15 health benefits of eating apples

November 12, 2012

15 health benefits of eating apples

An apple a day keeps the doctor away. Who ever originally coined that phrase probably got it right. Full of goodness and a healthy snack, apples come in many different varieties and tastes but all of them really are what the doctor ordered.

Unlike many of the more exotic fruits, apples have always been around in the cooler areas of the world. People from countries growing apples learned over the years how to cook them into pies and crumbles and make them into drinks and purees without realizing all of the goodness present in one apple.

In more recent times the apple has been found to be a great source of antioxidants. When compared to other foods apples are always near to the top of the list of the foods containing the most antioxidants. And as everyone knows, antioxidants defend the body against free radicals which can damage us at the cellular level contributing to our resistance against diseases.

But that’s not all the humble apple has going for it. We all have to eat fiber daily and an average size apple has about 4 grams of pectin on board. Pectin is a soluble fiber, it’s also viscous and fermentable and all of these things add to the benefits we can gain by eating it.

So what can an apple do for you? Older research has shown that eating an apple causes the mouth to produce a lot more saliva and this effectively dilutes down any sugars left around your teeth from the previous meal. Although not as effective as a toothbrush it can certainly produce a cleaner mouth than before by lowering the amount of bacteria present.

For the older person, eating an apple has been found to aid two conditions, Alzheimer’s disease and Parkinson’s disease. A study has found that people who eat a high fiber diet with lots of fruit receive some protection from Parkinson’s disease. This condition is caused by nerve cells in the brain which produce dopamine, in some way, misfiring. It is believed that the antioxidant effects of the apple in some way repair or minimize the damage caused.

The effects of Alzheimer’s disease in mice were lessened when the mice were fed on a diet fortified with apple. In tests in a maze the mice that had the apple enriched diet performed better than their peers on the ordinary diet.

The antioxidant effects are being given the credit for apples having the power to reduce the risk of developing cancer too. The American Association for Cancer Research acknowledges that eating apples high in flavanol may cut the risk of developing pancreatic cancer by 23%.

Other scientists at Cornell University have found that the apple skin, or peel, can reduce the risk of colon, breast and liver cancer because it contains triterpenoids which is a substance with the power to stifle growth of tumors. In earlier work on rats the scientists saw that extract of apple could reduce the numbers and sizes of mammary tumors.

The antioxidants present in an apple also have the power to aid your liver in detoxifying itself. To help clear out all of the toxins we consume in the form of alcohol and other foodstuffs eating lots of fruit like apples are beneficial and it avoids detox diets which are frowned upon by the medical profession.

Meanwhile high fiber diets have been recommended by the National Cancer Institute in the U.S. as a way to reduce the risk of developing colorectal cancer.

Other interesting findings promoting apples include the finding that the soluble fiber present in an apple joins the fats in the stomach which then produces decreased cholesterol levels. And females are about 28% less likely to have type 2 diabetes if they eat an apple a day according to research. Again the soluble fiber appears to produce the benefit by slowing swings in the blood’s sugar levels.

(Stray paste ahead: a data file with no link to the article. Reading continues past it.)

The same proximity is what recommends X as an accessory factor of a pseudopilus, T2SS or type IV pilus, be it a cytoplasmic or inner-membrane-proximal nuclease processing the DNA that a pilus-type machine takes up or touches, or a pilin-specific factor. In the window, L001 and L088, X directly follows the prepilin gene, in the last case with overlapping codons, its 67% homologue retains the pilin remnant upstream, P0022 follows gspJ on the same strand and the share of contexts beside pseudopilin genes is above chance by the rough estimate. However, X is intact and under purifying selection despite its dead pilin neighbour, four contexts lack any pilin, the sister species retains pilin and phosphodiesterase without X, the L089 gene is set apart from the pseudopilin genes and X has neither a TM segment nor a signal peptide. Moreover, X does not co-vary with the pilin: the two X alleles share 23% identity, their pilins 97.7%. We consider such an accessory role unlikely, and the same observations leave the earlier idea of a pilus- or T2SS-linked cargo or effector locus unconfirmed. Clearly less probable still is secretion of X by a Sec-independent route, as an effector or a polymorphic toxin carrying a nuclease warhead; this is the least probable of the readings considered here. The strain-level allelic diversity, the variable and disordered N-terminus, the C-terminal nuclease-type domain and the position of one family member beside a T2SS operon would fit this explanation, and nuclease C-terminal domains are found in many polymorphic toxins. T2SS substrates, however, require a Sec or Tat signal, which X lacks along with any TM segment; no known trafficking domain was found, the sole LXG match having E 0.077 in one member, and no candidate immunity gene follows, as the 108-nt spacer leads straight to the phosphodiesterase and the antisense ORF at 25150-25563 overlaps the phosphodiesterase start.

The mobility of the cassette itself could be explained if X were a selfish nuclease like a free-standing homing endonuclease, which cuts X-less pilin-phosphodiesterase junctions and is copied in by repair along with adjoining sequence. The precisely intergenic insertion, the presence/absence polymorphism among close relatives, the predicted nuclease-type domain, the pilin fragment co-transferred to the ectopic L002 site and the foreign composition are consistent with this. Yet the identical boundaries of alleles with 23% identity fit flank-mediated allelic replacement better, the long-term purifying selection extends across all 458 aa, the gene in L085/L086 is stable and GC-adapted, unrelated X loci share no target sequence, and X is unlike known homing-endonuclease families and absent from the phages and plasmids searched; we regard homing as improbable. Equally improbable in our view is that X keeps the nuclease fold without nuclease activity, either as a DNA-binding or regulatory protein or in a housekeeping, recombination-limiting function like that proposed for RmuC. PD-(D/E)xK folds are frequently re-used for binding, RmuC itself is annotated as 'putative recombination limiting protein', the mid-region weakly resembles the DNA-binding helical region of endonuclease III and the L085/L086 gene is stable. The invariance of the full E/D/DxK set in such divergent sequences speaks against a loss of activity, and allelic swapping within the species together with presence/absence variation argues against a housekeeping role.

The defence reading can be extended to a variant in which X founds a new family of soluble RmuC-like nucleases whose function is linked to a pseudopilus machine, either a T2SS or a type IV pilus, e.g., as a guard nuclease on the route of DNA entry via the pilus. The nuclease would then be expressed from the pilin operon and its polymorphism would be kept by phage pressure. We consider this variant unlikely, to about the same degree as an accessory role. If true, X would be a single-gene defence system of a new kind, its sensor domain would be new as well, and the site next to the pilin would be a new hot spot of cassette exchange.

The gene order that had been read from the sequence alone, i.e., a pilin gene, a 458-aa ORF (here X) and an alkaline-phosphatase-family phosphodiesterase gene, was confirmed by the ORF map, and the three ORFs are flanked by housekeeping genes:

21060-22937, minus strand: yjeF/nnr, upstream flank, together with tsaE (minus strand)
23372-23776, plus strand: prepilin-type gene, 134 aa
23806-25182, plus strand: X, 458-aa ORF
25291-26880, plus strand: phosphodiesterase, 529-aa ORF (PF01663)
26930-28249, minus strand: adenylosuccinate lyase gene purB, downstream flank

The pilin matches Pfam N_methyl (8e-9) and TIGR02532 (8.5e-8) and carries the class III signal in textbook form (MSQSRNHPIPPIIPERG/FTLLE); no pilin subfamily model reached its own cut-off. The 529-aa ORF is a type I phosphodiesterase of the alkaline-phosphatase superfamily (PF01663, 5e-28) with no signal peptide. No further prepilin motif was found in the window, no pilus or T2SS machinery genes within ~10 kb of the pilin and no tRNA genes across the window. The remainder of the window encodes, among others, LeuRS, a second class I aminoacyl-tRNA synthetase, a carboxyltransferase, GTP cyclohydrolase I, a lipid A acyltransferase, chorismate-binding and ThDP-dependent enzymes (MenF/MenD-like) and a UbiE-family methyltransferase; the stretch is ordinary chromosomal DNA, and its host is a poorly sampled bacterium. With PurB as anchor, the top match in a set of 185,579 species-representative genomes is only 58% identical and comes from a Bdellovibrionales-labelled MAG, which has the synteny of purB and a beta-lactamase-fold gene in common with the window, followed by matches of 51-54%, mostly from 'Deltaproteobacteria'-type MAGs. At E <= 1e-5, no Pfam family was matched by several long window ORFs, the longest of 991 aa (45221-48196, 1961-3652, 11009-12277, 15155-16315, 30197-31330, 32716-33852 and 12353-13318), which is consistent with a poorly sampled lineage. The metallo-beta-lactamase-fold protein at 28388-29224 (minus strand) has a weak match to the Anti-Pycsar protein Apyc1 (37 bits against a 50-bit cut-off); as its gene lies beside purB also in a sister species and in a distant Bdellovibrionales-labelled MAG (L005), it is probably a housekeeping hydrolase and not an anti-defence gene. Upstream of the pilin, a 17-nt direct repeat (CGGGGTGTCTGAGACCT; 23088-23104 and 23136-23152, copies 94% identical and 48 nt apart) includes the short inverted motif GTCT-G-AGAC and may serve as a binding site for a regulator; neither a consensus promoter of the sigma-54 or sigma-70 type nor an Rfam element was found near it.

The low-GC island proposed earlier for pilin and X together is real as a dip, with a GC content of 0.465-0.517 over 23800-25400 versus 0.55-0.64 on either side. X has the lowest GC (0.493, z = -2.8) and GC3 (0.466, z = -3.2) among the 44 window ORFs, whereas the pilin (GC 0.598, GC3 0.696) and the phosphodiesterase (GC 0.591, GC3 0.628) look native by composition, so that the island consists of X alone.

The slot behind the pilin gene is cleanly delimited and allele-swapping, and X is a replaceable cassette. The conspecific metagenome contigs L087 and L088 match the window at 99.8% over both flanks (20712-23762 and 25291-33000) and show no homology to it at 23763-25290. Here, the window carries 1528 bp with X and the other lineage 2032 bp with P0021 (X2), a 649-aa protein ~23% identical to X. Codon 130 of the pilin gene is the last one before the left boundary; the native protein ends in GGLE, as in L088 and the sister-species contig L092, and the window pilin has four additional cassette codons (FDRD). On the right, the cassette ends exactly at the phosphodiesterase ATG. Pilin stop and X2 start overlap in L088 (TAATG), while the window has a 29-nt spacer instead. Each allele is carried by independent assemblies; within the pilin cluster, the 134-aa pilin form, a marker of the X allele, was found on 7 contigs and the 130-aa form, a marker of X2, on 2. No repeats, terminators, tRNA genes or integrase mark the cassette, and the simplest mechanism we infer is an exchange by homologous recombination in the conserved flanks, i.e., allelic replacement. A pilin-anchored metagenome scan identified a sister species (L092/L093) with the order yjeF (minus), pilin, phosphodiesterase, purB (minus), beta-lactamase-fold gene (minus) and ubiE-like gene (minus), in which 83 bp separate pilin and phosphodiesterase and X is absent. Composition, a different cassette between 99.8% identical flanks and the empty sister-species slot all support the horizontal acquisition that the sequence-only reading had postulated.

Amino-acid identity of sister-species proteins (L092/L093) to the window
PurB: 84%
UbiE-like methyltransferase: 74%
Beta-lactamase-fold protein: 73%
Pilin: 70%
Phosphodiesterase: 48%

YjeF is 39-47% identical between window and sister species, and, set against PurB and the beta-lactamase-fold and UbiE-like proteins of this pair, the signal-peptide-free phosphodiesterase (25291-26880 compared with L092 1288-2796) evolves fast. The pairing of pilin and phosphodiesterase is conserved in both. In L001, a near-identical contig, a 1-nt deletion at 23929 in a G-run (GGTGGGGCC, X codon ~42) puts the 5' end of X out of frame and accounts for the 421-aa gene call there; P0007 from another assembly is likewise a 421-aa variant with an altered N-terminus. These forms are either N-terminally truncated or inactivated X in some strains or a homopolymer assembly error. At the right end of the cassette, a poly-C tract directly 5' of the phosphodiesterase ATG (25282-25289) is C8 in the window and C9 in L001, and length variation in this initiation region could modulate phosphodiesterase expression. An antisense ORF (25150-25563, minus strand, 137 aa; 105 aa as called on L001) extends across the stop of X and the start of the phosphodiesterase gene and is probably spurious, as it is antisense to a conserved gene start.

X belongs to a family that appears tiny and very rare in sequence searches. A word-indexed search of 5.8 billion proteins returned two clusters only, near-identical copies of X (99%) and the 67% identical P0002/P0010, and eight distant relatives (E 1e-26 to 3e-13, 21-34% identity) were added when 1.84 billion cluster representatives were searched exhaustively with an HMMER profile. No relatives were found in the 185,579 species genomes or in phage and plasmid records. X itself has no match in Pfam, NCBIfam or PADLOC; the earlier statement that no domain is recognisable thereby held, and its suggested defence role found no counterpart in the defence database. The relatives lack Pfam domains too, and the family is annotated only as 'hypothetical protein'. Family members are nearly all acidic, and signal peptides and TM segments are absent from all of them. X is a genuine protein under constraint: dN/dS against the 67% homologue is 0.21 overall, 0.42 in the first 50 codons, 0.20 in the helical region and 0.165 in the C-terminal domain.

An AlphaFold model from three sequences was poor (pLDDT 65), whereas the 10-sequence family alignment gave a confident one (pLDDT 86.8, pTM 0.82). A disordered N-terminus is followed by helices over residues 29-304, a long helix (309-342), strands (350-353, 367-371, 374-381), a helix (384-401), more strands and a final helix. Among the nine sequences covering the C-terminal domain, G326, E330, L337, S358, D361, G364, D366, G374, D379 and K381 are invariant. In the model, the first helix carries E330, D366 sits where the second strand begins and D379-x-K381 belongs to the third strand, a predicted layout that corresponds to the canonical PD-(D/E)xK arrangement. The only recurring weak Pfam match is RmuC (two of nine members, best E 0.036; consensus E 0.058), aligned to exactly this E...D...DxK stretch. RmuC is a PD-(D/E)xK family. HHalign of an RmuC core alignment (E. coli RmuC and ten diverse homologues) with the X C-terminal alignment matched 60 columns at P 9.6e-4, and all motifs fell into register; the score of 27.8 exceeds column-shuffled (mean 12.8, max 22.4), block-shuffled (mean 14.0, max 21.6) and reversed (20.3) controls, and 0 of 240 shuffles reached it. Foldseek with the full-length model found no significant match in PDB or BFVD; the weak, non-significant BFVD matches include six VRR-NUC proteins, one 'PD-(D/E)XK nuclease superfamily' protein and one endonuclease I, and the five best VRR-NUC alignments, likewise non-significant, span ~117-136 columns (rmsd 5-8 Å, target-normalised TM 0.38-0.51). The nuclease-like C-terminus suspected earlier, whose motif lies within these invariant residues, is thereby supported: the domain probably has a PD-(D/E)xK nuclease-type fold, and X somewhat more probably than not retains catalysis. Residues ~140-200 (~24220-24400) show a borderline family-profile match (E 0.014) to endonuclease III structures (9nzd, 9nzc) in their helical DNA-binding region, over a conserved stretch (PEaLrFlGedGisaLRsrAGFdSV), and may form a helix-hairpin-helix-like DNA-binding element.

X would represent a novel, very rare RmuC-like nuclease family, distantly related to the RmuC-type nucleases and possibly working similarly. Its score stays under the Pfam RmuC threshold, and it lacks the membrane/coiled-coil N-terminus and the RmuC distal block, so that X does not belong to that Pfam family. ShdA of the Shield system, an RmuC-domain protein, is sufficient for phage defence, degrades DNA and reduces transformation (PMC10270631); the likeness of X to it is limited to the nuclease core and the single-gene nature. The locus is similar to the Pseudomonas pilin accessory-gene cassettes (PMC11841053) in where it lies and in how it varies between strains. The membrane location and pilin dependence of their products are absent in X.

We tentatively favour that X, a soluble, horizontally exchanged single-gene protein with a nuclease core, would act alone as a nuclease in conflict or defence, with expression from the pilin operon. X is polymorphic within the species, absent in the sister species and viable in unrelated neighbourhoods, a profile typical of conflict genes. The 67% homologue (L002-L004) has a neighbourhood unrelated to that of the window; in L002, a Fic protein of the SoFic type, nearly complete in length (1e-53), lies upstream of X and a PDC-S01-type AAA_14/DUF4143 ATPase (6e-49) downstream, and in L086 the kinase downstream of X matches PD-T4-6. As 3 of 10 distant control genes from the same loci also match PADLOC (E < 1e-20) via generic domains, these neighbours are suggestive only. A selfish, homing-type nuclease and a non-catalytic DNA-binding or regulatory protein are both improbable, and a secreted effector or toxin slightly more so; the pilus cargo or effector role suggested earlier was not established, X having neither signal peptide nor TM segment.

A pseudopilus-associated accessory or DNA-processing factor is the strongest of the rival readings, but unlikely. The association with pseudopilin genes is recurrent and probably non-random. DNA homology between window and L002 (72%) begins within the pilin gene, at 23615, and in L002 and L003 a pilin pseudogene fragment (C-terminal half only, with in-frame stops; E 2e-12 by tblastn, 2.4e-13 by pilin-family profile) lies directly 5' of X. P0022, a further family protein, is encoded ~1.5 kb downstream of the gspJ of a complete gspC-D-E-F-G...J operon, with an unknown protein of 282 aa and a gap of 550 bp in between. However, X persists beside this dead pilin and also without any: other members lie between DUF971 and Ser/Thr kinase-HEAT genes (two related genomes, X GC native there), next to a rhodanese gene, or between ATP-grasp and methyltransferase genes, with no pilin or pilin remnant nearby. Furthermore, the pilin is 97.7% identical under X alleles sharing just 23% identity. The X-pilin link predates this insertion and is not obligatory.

Another effect of reducing cholesterol is that it cuts the risk of having gallstones. Gallstones are solidified cholesterol, and if cholesterol levels are lower then so is the risk of developing gallstones.

The fiber is also very good at regulating bodily functions. If someone is constipated it can help release liquid into the waste or if you are too loose then it can absorb more liquid to balance the body. Because irritable bowel syndrome symptoms include diarrhea and constipation, as well as bloating and pain, the fiber in an apple helps to calm the bowel.

One of the types of antioxidant found in apples is called quercetin. It appears that this type of antioxidant is especially good at protecting your immune system. And further research has shown that eating foods with lots of antioxidants can cause a drop of 10 to 15% in your chances of developing eye problems such as cataracts.

At the other end of the body the benefits of high fiber foods cannot be understated when dealing with hemorrhoids. This condition is not dangerous but it is one of the most disliked by its sufferers because of the pain and discomfort involved. Remaining loose and regular is a large part of a quick recovery. Avoiding the need to strain helps hemorrhoids to recovery quickly and lots of fiber, as found in apples is a great help.

Apples can also play a major role in changing to a healthier lifestyle. To avoid all of the conditions associated with being unfit and overweight, such as heart disease, type 2 diabetes and some cancers a healthy diet has to be adopted. Eating more apples can be part of that.

Recent research has also shown that apples have a quality which can slow down the build up of cholesterol plaque in the arteries. Scientists have found that the soluble fiber contains a phenolic substance that blocks the cholesterol hardening on artery walls. By reducing the likelihood of blocked arteries means that the likelihood of heart disease or heart attack is also reduced.


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